June 8 2019 – Austria’s government collapsed over the leaks of the so called “Ibiza-Videos”. Now the Austrian Parliament has the power to pass laws that during a regular legislation would not pass because of opposing views or coalition contracts. One of those laws is the “Nichtraucherschutzgesetzt” (smoke-free law). The law would ban smoking from restaurants, cafés, bars and other restaurant like establishments. But how useful are such laws?
Luckily, we live in the year 2019 and we can get data from everywhere. The OECD has an open data portal where information of the EU members smoking behavior can be found.
OECD (2019), Daily smokers (indicator). doi: 10.1787/1ff488c2-en (Accessed on 08 June 2019)
The above data is collected yearly and shows the smoking percentage of a given countries population. Unfortunately, the data is not up to date for every country and some countries are missing completely.
Missing values (missing years) have been filled with linear interpolation.
I will not go into trying to explain the results or find some answers. I think the figures speak for themselves.
This is a list of EU members that have banned smoking from gastronomy:
The images below show the smoking percentage of above-mentioned countries and from Austria. Red lines indicate that during this time no smoking regulations at all were applied in the gastronomy. Yellow indicates that there were some regulations but not a total ban. Green indicates a total of smoking from bars, cafes, clubs and restaurants.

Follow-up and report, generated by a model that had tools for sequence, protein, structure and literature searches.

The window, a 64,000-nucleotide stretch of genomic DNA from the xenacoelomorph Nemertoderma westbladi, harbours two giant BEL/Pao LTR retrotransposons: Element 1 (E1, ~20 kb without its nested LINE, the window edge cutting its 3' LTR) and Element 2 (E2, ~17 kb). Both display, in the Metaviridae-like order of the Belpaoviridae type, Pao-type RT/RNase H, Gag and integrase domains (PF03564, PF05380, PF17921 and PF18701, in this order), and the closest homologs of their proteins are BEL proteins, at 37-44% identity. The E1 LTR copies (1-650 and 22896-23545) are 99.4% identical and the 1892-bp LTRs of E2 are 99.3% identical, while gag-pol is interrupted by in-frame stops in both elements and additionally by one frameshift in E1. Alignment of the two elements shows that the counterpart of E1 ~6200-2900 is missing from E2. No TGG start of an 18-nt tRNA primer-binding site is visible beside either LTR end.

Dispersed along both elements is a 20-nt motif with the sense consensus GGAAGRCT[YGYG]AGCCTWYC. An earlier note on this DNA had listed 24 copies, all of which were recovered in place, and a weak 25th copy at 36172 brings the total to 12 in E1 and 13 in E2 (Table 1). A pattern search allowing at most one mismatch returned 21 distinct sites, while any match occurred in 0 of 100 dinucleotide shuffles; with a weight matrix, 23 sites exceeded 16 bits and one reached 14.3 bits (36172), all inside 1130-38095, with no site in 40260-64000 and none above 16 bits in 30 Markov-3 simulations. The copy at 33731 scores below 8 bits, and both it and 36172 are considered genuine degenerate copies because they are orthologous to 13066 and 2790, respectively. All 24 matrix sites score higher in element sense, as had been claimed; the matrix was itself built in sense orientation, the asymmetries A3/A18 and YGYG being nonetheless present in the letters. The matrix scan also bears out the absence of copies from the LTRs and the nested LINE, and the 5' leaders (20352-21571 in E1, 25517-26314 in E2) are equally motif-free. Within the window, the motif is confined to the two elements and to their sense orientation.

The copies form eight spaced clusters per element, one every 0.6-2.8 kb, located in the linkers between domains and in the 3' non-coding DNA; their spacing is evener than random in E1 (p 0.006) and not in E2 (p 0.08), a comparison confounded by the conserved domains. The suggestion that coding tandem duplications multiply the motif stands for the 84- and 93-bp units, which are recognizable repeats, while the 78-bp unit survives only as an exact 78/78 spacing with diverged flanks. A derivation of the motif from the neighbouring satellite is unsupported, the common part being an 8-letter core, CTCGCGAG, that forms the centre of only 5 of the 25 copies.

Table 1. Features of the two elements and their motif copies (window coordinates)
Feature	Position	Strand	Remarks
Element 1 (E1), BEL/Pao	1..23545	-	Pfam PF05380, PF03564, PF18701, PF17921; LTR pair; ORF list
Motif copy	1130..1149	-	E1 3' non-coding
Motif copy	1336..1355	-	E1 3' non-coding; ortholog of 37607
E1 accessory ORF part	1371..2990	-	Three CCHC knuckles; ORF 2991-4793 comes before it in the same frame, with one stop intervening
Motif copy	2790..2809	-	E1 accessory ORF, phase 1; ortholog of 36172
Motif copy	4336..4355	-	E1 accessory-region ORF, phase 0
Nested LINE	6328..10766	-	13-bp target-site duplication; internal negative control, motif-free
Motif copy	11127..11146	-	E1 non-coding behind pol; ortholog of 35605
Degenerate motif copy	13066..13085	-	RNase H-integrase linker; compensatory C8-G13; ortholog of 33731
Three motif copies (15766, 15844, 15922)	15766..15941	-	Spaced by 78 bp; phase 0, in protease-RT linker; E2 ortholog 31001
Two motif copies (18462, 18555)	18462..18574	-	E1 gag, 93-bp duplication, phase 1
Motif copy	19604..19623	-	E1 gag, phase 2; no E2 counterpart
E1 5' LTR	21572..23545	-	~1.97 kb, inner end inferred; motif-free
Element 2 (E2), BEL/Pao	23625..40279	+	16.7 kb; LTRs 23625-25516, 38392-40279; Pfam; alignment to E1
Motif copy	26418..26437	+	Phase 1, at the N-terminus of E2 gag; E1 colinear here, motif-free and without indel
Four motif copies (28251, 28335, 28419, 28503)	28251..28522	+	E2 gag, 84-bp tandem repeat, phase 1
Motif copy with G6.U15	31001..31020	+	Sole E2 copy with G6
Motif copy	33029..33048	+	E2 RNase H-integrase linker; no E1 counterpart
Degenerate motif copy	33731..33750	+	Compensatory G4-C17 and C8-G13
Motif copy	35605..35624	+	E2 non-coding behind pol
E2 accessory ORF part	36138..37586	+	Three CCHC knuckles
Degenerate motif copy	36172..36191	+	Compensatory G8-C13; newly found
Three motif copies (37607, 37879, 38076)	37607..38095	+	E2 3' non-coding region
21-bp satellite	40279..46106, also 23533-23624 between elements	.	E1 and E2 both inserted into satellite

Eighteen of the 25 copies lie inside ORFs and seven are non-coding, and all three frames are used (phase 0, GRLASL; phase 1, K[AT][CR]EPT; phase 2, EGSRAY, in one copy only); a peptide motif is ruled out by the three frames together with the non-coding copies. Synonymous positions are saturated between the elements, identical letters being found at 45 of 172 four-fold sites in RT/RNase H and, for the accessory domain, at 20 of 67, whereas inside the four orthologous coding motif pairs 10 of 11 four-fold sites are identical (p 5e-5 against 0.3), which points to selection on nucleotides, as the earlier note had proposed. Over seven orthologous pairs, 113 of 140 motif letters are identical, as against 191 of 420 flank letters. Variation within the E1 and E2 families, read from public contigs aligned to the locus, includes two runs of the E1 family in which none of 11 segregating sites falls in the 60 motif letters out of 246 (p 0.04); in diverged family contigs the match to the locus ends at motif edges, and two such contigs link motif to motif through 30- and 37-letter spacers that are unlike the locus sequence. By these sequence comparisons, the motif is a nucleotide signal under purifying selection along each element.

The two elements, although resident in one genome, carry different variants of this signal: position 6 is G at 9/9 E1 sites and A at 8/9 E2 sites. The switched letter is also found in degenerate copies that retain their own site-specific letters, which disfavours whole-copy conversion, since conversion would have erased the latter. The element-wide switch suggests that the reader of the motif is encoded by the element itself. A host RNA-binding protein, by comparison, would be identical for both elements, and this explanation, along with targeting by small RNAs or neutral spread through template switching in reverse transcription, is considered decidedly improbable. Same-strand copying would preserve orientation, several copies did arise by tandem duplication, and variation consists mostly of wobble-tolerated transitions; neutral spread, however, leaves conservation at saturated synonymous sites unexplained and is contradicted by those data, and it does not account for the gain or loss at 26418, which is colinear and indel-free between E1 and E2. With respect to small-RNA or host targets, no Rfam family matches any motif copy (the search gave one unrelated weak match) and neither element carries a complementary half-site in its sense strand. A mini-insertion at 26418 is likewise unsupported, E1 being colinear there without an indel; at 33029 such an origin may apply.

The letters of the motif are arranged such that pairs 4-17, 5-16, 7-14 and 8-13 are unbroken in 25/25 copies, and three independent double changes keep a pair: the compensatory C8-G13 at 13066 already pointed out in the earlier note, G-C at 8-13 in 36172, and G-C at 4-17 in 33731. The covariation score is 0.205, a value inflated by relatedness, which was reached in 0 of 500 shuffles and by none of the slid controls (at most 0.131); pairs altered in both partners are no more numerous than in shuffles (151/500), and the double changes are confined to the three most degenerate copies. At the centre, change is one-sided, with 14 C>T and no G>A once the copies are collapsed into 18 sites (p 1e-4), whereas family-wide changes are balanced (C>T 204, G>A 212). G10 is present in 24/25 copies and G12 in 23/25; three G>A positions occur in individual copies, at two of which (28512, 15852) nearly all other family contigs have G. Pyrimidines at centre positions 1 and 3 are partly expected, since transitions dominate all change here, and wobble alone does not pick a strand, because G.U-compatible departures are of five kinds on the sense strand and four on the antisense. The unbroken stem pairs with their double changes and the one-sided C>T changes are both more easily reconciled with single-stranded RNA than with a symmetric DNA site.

The dotted grey lines are the estimated values till 2020 from the last collected data point of each country. This estimate is mainly for esthetic purposes and should not be considered a valid prediction of future smoking behavior. It is a simple linear regression applied to the corresponding countries data.
Counting male and female population, Austria takes the third place with around 25% of the people smoking, only to be beaten by France and Hungary. Looking on women only, the results are even more disturbing. Austria leads the table with France on the second and Hungary on the third place. Surprisingly in comparison to women, Austrian men seem to smoke way less and are only on the 5th place in the table.
Underneath figures show the percentage change in smoking population for every EU member. The percentage change is calculated between 2000 and the last available data point provided by the OECD.
Red bars indicate countries were smoking is not banned from gastronomy, green the opposite.
There are only two countries where there are more smokers then in the year 2000. Slovakia and Austria. If we look at the female chart, Austria leads the chart with 5% to the second place Latvia.